Drawing I - What's Inside Your Drawing Toolbox?
Updated: May 8, 2021
Welcome back to the 3T Art Blog. We’re starting a new month and our theme for it is going to be drawing!
Over the next four blog posts, we’ll have a look at drawing materials, how to set up a drawing and how to get it done from start to finish. If we have time, we’ll touch briefly on model drawing and perspective drawing too. It’s going to be a busy month so let’s get started!
Today, we’re going to have a look at some of the different drawing tools you can use to create your next drawing. As with all the materials we’ve discussed in the 3T Art Blog so far, the quality of your drawing materials will make a huge difference on the quality of the artwork that you produce. Keep in mind, these are suggestions to guide you in buying the materials that are right for you.
Drawing is the easiest of all art forms when it comes to materials. All you really need is something to draw with and something to draw on. A stick and sand come to mind, or when the mood strikes you to doodle, a pen and paper napkin will do. And that’s great for a bit of doodling to pass the time, but if you want to get more serious about your drawing, you’ll need to pick up some supplies that’ll help you create really good artwork.
Before you run out and buy all kinds of drawing materials, something you might want to pick up first is a dedicated box for all of your drawing supplies. My drawing toolbox is a simple tackle box made for fishing. I’ve had mine for years (decades actually). What I love is that it has dividers which make separating all of my drawing tools really easy. It has space to hold everything I need for drawing. It’s also compact enough to just grab and take with me wherever I go. There are a lot of tackle boxes available at stores and online so you can get the one that best works for you.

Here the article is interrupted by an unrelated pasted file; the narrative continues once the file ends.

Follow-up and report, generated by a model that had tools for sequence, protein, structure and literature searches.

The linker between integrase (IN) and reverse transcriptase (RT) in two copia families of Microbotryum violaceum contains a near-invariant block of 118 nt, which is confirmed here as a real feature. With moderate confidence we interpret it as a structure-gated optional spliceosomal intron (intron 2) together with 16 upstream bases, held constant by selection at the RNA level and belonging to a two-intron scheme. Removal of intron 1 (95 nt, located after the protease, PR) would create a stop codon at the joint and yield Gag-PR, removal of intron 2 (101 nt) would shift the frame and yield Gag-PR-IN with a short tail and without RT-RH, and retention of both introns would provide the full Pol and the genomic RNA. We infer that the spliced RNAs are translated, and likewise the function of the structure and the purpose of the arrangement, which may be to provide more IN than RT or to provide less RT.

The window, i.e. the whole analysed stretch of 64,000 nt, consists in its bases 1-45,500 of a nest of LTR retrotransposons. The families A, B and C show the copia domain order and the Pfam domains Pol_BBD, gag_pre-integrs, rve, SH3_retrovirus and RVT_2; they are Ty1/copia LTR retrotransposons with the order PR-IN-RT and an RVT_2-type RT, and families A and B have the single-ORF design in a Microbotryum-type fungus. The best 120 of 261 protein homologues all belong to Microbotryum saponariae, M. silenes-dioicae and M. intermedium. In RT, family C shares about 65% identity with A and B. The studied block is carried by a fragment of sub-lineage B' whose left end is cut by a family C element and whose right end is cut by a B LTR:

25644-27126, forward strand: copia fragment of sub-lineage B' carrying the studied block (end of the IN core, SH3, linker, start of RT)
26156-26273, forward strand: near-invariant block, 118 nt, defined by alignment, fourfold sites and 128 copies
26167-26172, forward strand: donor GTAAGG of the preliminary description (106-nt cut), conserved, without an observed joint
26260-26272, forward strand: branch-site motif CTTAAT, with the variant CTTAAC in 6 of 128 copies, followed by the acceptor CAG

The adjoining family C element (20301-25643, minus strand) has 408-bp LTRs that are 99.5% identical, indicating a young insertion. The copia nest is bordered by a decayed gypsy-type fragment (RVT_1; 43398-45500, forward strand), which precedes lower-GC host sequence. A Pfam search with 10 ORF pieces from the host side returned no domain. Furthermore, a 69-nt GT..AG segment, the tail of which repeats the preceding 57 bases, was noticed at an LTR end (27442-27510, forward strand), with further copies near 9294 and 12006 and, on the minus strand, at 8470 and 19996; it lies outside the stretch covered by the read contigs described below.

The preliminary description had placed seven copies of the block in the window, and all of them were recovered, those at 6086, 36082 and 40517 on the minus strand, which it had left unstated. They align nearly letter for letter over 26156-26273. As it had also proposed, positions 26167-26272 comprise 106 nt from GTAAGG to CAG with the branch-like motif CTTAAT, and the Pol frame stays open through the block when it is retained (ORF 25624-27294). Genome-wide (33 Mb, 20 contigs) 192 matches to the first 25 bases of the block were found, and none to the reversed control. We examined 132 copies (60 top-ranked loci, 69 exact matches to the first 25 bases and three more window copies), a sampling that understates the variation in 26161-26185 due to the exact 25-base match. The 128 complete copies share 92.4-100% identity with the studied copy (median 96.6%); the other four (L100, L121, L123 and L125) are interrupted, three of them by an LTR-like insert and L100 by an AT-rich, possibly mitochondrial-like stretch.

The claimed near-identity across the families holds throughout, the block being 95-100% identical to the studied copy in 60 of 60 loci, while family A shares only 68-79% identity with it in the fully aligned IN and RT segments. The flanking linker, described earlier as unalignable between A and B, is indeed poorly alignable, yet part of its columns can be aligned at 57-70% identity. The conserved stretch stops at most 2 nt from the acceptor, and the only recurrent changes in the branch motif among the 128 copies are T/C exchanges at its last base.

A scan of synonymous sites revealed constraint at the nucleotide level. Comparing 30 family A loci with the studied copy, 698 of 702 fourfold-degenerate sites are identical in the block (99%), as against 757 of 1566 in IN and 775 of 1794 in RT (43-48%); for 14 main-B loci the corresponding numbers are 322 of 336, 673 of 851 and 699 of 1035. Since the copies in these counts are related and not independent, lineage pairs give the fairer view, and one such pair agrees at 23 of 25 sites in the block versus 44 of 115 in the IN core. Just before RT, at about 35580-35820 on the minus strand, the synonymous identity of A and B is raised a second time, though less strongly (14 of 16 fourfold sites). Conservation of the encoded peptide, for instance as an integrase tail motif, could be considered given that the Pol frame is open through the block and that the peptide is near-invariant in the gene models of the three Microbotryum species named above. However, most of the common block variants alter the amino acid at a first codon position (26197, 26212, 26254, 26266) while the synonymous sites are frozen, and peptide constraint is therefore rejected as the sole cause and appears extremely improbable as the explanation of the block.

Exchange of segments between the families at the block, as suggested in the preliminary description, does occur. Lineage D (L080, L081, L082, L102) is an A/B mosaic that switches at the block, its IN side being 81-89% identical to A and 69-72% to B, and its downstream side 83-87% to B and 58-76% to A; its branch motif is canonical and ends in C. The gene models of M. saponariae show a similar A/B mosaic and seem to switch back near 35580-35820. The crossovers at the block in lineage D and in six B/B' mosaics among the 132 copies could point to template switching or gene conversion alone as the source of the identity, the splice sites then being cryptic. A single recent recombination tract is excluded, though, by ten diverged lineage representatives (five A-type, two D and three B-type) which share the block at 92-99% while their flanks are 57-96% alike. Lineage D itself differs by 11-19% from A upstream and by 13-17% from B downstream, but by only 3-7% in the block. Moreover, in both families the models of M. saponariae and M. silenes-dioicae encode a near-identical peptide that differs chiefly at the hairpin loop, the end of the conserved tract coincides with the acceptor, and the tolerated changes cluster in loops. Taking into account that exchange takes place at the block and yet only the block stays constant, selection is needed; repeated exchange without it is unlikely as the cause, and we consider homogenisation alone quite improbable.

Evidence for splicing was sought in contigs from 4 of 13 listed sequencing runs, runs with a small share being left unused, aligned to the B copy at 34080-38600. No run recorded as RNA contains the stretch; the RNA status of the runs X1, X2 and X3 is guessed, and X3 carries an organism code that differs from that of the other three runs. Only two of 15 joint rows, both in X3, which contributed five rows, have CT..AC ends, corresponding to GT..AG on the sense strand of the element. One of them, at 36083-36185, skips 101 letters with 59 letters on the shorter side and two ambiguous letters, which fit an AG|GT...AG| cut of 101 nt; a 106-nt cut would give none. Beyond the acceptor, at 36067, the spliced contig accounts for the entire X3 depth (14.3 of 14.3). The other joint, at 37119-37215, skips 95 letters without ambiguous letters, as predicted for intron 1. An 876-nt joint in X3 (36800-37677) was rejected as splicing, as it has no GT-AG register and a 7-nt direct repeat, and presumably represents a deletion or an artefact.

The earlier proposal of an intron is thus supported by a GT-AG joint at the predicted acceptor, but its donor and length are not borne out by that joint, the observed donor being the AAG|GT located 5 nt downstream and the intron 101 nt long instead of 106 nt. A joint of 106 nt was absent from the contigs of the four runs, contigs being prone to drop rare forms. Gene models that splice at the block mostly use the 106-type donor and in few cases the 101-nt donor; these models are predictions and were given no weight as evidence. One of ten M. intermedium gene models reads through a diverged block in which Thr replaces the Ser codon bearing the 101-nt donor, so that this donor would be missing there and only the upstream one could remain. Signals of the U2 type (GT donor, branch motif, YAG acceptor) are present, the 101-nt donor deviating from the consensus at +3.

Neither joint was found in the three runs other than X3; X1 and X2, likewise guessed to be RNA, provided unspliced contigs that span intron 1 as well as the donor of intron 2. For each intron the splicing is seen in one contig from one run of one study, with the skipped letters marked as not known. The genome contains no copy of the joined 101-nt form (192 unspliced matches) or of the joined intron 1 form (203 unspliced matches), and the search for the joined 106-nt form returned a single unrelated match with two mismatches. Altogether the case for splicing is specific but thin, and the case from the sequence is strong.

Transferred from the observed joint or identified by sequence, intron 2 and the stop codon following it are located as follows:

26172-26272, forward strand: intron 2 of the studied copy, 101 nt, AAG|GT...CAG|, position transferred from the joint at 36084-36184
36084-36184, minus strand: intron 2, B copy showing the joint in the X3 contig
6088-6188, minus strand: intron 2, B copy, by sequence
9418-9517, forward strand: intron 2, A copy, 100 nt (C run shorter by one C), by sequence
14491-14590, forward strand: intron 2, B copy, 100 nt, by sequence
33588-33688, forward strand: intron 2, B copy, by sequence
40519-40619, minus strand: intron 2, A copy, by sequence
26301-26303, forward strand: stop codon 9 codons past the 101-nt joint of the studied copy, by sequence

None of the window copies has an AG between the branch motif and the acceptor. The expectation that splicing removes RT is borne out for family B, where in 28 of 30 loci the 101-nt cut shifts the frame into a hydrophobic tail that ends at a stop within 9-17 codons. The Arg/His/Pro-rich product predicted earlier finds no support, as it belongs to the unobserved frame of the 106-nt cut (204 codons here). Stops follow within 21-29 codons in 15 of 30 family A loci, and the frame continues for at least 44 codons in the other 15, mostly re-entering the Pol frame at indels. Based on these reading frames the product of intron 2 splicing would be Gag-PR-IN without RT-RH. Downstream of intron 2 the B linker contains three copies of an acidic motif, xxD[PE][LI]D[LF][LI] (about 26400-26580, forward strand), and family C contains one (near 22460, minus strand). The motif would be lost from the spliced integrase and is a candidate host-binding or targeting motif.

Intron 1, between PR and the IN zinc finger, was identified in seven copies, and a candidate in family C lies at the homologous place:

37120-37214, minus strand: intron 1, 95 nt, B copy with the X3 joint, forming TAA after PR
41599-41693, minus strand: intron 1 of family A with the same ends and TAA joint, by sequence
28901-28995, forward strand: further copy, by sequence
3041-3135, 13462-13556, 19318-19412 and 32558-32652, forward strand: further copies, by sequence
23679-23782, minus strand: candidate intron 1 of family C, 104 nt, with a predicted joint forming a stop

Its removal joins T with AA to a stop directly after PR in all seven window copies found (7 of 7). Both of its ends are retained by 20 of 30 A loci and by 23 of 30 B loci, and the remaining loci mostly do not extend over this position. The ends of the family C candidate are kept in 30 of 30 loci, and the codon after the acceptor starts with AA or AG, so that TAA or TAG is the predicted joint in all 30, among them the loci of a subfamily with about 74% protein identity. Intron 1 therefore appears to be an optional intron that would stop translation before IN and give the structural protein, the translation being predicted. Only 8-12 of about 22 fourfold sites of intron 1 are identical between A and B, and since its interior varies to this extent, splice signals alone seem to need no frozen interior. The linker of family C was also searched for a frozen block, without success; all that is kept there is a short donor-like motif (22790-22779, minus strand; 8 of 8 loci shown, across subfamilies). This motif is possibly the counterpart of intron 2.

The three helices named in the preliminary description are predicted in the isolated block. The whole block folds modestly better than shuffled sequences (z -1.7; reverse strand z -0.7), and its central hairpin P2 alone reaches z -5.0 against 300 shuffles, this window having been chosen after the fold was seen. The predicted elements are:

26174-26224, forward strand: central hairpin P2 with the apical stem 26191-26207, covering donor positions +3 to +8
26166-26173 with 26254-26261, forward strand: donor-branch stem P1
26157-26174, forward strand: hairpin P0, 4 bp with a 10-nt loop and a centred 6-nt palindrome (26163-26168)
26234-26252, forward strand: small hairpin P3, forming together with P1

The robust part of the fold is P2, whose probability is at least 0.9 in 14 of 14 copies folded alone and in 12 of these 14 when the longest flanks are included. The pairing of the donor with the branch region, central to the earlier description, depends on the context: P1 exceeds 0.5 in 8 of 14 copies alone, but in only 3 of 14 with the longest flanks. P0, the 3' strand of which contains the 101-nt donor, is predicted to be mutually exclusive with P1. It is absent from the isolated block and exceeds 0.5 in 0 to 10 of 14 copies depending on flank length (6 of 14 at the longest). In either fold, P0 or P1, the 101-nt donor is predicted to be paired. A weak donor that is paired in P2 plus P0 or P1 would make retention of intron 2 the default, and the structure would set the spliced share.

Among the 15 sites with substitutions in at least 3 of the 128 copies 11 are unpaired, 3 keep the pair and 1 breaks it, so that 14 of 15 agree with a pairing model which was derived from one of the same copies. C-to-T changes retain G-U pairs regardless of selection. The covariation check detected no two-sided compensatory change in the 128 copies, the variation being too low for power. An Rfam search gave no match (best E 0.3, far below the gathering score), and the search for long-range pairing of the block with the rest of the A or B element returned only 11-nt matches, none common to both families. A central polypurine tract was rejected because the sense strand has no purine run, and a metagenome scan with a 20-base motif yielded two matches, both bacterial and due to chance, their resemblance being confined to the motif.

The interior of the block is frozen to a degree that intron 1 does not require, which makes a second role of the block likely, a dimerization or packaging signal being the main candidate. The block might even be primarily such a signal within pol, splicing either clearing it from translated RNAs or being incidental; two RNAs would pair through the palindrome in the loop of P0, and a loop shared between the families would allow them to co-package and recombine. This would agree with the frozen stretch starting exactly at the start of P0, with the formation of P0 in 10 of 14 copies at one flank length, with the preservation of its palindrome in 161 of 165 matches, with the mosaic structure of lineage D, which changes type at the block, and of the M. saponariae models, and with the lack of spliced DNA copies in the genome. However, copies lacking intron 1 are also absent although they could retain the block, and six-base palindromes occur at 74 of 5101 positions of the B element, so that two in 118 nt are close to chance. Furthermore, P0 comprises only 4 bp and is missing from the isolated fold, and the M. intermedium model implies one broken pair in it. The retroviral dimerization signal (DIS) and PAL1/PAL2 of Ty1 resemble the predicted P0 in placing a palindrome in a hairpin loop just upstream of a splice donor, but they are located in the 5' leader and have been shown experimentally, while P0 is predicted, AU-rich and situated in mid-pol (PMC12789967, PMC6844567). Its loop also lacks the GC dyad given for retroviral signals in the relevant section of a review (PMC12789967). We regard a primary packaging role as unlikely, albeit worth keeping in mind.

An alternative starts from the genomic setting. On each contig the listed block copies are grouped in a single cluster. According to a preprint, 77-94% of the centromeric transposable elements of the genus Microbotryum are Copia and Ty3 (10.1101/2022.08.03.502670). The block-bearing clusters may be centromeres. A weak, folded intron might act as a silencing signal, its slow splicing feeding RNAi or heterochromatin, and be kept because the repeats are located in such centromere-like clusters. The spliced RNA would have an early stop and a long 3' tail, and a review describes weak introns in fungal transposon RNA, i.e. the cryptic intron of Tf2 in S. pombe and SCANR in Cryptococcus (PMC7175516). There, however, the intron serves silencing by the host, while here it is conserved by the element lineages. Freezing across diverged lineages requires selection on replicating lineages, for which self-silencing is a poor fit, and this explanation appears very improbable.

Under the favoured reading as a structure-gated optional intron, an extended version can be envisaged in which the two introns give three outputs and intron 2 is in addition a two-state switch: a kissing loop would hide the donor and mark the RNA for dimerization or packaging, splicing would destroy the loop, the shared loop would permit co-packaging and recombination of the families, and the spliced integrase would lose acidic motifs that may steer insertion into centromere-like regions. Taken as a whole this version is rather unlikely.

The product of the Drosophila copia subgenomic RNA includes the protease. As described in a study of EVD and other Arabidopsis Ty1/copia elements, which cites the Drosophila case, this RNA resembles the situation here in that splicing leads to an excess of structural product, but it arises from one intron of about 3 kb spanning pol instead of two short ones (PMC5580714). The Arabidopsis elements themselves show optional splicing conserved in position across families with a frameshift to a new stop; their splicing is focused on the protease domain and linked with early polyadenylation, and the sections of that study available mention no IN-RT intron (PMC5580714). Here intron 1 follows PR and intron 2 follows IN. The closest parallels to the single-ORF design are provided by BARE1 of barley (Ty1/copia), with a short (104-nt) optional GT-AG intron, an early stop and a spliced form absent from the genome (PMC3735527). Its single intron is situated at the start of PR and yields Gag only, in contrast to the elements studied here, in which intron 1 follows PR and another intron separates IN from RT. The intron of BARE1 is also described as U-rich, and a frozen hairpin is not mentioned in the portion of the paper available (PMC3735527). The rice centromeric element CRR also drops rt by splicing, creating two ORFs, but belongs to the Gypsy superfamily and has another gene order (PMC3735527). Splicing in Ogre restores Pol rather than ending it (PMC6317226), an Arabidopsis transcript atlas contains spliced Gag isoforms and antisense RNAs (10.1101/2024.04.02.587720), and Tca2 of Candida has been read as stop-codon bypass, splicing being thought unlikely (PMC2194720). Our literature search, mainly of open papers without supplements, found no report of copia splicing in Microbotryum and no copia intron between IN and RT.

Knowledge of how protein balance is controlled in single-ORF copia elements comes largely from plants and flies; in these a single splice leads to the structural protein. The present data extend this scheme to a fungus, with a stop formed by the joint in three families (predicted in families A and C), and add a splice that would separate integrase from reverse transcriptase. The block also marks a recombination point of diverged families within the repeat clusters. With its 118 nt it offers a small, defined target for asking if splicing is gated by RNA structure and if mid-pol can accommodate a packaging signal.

Your Drawing Toolbox
Where to begin! There's so much to choose from when it comes to drawing materials and equipment. So, what should be in your drawing toolbox?
The best place to start is with pencils. We’re all familiar with HB pencils. They’re usually yellow/orange and have a pink eraser on top. It’s most likely the instrument we all learned to write with. HB is a grade and there are actually many other grades of pencil to choose from. For your artwork, you’ll need to know about them so you can use the right pencil for the right application.
When considering what grade of graphite to use, it’s good to first know what HB stands for. The H stands for hardness, while the B stands for blackness. These letters, with a number, make up the grading system. They go from 9H to 9B. The HB grade has no number attached to it because it is considered to be the middle of the road. H and F are slightly harder while B is slightly softer than HB.
When I was learning to draft (yes, by hand using a T-square and a setsquare, on a drafting table) I was taught to start each drawing with a 2H pencil. The 2H was hard enough that all you’d get was a very light construction line no matter how hard you press on the paper. After getting the construction lines in, I’d move to a B, then to a 2B, which I needed to learn to control. A 2B is soft enough to leave a nice black line but when pressed down too hard, it made a thicker, hard line that I didn’t necessarily want.
I still use a 2H pencil for construction lines when I start a drawing, then move to a 2B to firm up the drawing. From here, I definitely want to pick softer pencils for shading and detailing, anything from a 4B and up. Once you get to the 8B range, you’ll be working with a pencil that has similarities to charcoal. It’s very soft and black.
Grades will vary between brands, but you should aim to have a selection of pencils that range from 2H to 6B. I’d suggest investing in a decent set of drawing pencils. A tin of 6 or 12 drawing pencils will give you everything you need. You can buy singles of any grade of graphite any time to replace the ones you’ve used up.
As for brands, pick a quality over quantity. My go-to since those early drafting days has been Staedtler Mars Lumograph Graphite pencils. You can also try a set of Derwent Graphic Drawing Pencils, they have a good rating, or Faber Castell whose 12 pencil set contains grades from 2H to 8B, which is preferable to the 4H to 6B you get with Staedtler and Derwent. Either way, these are excellent pencils from companies that have a long history of producing quality drawing materials.